Letters to the EditorNov. 4, 1997
Fan support improves with win
As a Baylor alumnus, I have noticed something has been missing from Baylor football for a longtime -- spirit. My hat goes off to the Class of 2001 for renewing that 'Good Ole' Baylor spirit. I certainly hope to see them tear down more goalposts while they are at Baylor. I do not remember a more exciting football game than the one I witnessed on Saturday. The fans were in it and so was the team. I certainly hope that this is a new era of Baylor football -- congratulations, Coach Roberts.
Class of '97
Goalpost documents spirit
I am of the Class of '72. I have never been prouder of the Baylor Bears than I was this last Saturday. It was amazing to see the student body and the alumni excited enough over a 2-6 team to tear down the goalposts. The idea of carrying the prize to the SUB was brilliant! The subsequent signing of the post by anyone who wanted to be a part of Baylor history was inspiring. I would strongly suggest that the administration consider replacing the stadium goal post with the one that was removed from the stadium, WITHOUT removing the signatures. I think one could easily predict a sell-out of the remaining home games. I know that I would be there.
Athletics in different arena
I would like to point out the faulty reasoning used by the Lariat staff in their editorial 'Athletics, academics should receive equal university emphasis.'
The Lariat erroneously claims that one bad season could drive fans and money away to support their argument. If this were true, then the athletic department would not have sold a record number of season tickets for this football season in the wake of last year's disappointing 4-7 campaign. In fact, not only have season ticket sales increased, but the athletic department is also reaping the financial rewards of merchandise sales of the recently unveiled Baylor logo. A financially solid athletic program will weather the storm of one bad season, and besides, membership in the Big 12 conference virtually ensures a profit regardless of on-the-field performance (the possibility of Baylor losing membership in the conference is a moot point).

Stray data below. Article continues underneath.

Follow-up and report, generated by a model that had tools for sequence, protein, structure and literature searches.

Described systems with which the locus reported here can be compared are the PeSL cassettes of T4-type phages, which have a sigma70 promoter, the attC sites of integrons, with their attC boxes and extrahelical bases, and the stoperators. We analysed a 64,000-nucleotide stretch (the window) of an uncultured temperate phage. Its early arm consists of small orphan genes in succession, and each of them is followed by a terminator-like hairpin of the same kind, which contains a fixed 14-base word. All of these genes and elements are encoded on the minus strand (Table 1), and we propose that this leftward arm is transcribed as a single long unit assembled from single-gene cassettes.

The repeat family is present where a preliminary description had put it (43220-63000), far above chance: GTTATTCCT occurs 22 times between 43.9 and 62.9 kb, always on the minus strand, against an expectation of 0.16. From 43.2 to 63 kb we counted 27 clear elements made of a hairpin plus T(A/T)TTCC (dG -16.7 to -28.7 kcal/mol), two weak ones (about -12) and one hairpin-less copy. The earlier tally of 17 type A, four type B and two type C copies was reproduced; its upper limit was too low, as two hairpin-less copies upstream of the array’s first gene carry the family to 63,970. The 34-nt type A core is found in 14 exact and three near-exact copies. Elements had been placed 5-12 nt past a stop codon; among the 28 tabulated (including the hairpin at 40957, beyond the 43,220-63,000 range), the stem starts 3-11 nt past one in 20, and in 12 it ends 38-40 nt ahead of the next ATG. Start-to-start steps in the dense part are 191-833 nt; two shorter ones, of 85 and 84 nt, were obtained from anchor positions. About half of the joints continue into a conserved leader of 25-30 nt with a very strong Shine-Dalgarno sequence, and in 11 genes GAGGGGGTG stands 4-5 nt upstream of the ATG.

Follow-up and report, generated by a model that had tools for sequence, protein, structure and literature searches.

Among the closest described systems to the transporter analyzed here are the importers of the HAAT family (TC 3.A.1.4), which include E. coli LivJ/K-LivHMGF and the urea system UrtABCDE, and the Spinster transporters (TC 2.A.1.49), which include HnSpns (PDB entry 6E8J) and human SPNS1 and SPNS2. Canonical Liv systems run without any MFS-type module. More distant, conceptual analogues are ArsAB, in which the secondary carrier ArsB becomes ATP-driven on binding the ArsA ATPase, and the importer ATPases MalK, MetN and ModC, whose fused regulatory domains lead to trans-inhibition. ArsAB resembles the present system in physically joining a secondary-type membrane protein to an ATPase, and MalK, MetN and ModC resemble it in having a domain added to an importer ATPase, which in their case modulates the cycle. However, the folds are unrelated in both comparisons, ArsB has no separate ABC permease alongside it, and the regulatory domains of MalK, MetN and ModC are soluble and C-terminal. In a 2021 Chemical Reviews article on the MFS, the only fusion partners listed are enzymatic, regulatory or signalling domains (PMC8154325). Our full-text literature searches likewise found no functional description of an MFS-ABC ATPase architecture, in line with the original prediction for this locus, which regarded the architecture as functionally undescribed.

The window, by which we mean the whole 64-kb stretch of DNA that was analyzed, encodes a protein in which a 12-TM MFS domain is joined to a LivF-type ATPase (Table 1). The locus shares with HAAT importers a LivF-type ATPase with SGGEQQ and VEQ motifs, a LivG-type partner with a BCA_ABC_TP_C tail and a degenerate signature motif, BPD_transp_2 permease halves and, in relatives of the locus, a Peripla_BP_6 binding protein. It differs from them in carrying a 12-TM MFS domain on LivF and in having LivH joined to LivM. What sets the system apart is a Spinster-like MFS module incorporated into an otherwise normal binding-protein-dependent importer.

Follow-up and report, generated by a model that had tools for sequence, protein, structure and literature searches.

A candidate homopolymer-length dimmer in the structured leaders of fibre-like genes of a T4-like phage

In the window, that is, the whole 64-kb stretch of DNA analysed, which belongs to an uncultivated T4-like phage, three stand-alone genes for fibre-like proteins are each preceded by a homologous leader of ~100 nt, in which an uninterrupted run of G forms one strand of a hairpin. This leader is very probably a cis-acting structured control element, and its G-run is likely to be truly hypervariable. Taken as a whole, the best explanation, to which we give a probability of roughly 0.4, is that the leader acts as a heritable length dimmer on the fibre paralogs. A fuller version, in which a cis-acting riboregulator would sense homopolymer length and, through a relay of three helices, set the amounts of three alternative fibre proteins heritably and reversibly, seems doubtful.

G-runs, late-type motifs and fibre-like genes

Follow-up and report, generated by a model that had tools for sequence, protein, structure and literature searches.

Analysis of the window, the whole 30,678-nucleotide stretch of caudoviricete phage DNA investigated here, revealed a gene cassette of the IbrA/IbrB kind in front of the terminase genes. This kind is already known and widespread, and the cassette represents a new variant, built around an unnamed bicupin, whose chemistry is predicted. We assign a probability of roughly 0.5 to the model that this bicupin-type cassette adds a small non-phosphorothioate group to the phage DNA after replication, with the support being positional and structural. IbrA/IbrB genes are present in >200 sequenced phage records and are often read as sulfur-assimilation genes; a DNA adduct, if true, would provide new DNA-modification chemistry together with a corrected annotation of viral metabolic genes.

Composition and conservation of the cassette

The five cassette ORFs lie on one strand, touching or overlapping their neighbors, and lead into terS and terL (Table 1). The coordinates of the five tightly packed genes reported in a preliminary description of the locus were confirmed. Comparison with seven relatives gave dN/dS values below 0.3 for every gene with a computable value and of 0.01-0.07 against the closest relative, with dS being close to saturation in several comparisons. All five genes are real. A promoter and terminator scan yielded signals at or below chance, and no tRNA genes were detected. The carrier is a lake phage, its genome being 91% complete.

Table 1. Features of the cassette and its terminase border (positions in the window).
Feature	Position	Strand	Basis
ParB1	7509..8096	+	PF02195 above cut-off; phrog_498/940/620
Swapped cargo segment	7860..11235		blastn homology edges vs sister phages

In addition, the editorial questioned whether increasing spending on academic programs would provide a more secure form of revenue than athletics by way of increased national recognition. This might seem plausible, but the editors fail to give any explanation of where this revenue would come from. It seems illogical that any revenue generated from national recognition would be more secure than revenue generated from an increase in gate receipts, advertising, media contracts, or merchandise sales that occur when the university invests in athletics.
Political Science '98
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